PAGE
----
Nevertheless, the attempt Tennyson made at this time to draw separate characters is in harmony with the age in which he began to write. Character-making was once a favourite species of poetry, but it had not been done well since the time of Pope. None of the greater poets from Wordsworth to Keats took up this special form of art. But Tennyson, and with greater power Browning, deliberately insulated and painted a number of characters, and of generalised types of character, as if a certain driving force from without, a tendency of popular thought, urged them make much of the
individual, as if society had concluded that it was to find its betterment in the support of strong individualities. And indeed this was the case in England in 1833. As great as the tendency is at present to collectivism, so great was the tendency then to individualism. It grew steadily in politics, even in art and religion, for thirty years, and then it began to abate. Large crowds of men laid all their lives in the hands of great leaders of thought; and thus, while they maintained the necessity for strong individualities, lessened individualism by collecting in mass under the banner of one man; so curiously and so certainly do extremes cut their own throat. The individual, the powerful character, is everything, said Carlyle, and said it for more than forty years. This was partly a protest against the past dulness of society, it was still more the protest of the fear of the cultivated man that in the coming democracy all men would be levelled and a dull monotony rule supreme. Every valley, they cried, will be exalted and every mountain and hill brought low; there will be no varied scenery in humanity. We hear that dread expressed by Tennyson in Locksley Hall:
Knowledge comes, but wisdom lingers, and I linger on the shore,
And the individual withers, and the world is more and more.
The verses which follow; the hero's desire to break all links of habit, to escape to summer isles, "where the passions, cramped no longer, shall have scope and breathing space"; where men shall be free to make themselves, continue
the same thought. He had then in 1842, when Locksley Hall was published, realised fully the desire for individualism which was then rife in England. It was this force which pressed him in 1830 and 1833 into the writing of characters.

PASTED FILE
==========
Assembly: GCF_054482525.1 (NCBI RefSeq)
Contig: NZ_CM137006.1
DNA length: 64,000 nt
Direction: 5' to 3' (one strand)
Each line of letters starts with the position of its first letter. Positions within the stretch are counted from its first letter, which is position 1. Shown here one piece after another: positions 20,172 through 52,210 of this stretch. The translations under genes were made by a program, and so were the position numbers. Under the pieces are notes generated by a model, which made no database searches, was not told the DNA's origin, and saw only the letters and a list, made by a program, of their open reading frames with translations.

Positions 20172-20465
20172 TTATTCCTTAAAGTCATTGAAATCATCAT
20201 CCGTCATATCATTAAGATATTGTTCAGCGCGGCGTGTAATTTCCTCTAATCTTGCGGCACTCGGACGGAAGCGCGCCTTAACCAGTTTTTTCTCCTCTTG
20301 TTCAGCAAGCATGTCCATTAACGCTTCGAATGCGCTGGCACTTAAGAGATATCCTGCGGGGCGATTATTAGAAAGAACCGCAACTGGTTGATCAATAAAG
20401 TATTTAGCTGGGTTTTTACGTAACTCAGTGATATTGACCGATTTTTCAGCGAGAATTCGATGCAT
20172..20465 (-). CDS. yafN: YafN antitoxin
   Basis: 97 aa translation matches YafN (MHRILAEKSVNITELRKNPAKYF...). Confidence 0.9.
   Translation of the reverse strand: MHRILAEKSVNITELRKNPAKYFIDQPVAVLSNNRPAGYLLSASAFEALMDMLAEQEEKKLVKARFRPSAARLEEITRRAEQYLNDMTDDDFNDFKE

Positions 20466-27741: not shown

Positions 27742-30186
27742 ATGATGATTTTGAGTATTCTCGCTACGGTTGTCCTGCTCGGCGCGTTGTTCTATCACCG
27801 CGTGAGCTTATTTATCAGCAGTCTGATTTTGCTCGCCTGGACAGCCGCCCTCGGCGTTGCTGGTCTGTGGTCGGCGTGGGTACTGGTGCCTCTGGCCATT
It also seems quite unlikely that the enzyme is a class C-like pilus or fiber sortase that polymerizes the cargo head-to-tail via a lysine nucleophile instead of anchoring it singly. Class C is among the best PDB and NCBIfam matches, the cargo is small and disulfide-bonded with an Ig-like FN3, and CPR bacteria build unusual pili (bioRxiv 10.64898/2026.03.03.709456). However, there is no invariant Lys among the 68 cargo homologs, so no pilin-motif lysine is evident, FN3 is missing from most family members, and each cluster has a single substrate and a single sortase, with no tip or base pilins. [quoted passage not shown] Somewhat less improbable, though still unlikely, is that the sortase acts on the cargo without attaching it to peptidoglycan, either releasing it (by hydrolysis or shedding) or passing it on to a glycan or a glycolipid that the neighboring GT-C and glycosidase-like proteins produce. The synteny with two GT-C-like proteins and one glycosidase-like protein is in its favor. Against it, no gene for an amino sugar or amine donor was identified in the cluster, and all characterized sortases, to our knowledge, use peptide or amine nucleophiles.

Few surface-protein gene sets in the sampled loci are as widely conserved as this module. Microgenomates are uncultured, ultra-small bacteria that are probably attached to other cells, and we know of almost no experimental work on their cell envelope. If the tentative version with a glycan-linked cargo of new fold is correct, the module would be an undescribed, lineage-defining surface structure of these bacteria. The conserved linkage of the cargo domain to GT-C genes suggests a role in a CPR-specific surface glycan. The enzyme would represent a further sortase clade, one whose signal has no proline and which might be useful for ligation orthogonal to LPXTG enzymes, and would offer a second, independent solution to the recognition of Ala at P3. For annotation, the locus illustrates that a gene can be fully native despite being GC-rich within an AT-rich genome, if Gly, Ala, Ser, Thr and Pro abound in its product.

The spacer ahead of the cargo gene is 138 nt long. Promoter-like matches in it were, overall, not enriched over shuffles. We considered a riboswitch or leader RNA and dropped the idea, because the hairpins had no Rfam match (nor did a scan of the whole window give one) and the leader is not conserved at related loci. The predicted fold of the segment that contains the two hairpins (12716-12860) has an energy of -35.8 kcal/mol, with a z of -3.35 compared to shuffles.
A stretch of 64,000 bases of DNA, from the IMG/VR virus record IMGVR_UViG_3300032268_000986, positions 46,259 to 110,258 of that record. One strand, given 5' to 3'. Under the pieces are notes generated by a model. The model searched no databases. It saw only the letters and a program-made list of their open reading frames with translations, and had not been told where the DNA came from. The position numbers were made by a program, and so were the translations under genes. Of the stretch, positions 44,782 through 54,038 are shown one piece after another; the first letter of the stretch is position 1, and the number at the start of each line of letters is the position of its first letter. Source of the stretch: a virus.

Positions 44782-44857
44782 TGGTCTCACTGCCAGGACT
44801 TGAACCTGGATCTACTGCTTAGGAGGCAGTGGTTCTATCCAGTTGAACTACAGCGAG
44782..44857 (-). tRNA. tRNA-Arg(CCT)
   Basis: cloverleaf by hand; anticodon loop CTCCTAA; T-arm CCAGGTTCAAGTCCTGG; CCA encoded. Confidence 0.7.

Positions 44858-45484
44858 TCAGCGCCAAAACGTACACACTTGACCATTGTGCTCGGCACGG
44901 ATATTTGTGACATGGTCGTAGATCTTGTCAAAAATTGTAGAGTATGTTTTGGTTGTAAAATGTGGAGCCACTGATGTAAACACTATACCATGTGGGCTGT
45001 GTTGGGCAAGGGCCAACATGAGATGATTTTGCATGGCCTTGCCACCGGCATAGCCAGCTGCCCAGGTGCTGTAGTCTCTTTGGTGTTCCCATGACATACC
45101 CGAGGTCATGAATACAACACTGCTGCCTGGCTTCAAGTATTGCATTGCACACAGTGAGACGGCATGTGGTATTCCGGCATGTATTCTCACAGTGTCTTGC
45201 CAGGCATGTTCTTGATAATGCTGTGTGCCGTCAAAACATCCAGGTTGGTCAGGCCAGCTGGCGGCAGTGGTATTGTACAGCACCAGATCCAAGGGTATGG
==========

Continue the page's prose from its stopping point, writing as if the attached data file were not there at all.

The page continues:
Secondly, I have drawn attention to the new way of painting Nature which Tennyson developed, and to the new world of Nature to which he introduced He composed his Nature into pictures, a thing not done by Byron, Shelley, or Keats, or at least not so deliberately, not SO consciously. This picture-composing of Nature is carried to much greater excellence in the volume of 1833. might contrast Mariana in the South, a poem of 1833, with the Mariana of 1830, but it would not prove my point-that his power of naturepainting had increased. It suggests, however, another point with regard to Tennyson's natural description. Mariana in the South is not so good as its predecessor; and I believe that the reason of its comparative failure is that the scene is laid in the South, and Tennyson was so English, and so much the child of long habit, that when he got outside of this country, even outside of the landscape which surrounded him year after year, he did not choose so happily as in England the right thing to say in order to give the sentiment of the landscape. This is, however, subject to exception. What I say is true concerning his foreign landscapes, whenever he is working direct from Nature, or composing out of things he has seen. It is not true when he is deliberately inventing his landscape out of his own head, and with reference to his subject as he is in Enone or The Lotos